LACK OF ONE COMMON ADMINISTRATIVE PROCEDURE? IS REGULATION ON THE EU ADMINISTRATIVE PROCEDURE NECESSARY IN THE EU?
The result of expanding jurisdiction of the European Union (hereinafter: EU) is not only the increase in number of sectors in which special administrative procedures are enforced, but also the increase in number of corresponding bodies and agencies. The current state is characterised by lack of coordination and uniformity and absence of codified procedural rules which makes it difficult for the EU citizens to easily and completely understand their administrative rights and contributes to deterioration of their legal protection. This is not in accordance with the Charter of Fundamental Rights of the European Union (hereinafter: Charter), which guarantees its citizens the right to good administration (Article 41). The authors deem that the standardization of the sectoral administrative rules would lead to simplification and rationalisation of the administrative procedures. European Administrative Law is developed through the practice of the Court of Justice of the EU (hereinafter: CJEU) that has formulated a series of general administrative principles to be followed in order for administrative procedures to maintain their legitimacy. Nevertheless, the legislator is considered to be the one who determines clear procedural rules, thus contributing to legal safety and predictability. Discussing the need for codification of the Law on Administrative Procedure of the European Union (hereinafter: EU APA) has thus become even more relevant. However, the question that constantly arises is whether the regulation on common administrative procedure is necessary in the EU legislation and if so to what extent. The necessity to regulate the minimum of common procedural standards and principles of good administration along with the procedures of EU institutions when resolving individual cases of physical and legal persons is emphasised by the European Parliament Resolution of 15th January 2013 with recommendations to the Commission on the Law of Administrative Procedure of the European Union (2012/2024(INL)). The legal basis contained in the Article 298 (1) of the Treaty on the Functioning of the European Union (hereinafter: TFEU) is also emphasized. This paper will conclude with a brief review of the results of public consultation on the European Union’s administrative law.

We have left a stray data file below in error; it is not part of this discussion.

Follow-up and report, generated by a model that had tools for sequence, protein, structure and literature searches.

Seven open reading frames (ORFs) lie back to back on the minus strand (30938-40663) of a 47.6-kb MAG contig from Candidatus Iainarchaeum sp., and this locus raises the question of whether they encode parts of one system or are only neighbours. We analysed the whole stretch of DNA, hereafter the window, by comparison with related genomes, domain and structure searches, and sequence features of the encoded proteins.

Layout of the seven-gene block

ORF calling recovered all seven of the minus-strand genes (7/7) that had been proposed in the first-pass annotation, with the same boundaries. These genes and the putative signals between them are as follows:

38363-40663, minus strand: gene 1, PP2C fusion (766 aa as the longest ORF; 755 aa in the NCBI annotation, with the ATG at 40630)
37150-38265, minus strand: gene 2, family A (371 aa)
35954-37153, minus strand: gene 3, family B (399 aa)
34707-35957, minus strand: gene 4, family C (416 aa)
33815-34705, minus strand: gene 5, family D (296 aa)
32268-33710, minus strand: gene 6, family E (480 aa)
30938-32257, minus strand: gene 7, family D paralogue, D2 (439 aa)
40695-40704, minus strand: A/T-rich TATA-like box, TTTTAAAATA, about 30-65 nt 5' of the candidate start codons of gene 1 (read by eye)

Authors are expected to obtain permission from copyright holders for reproducing any illustrations, tables, figures or lengthy quotations previously published elsewhere. BSSR will not be held accountable for any copyright infringement caused by the authors.
The content offered in the BSSR remains the intellectual property of the authors and their publishers respectively. University “Goce Delcev”- Shtip, R. Macedonia and BSSR keap the right to promote and re-publish the texts.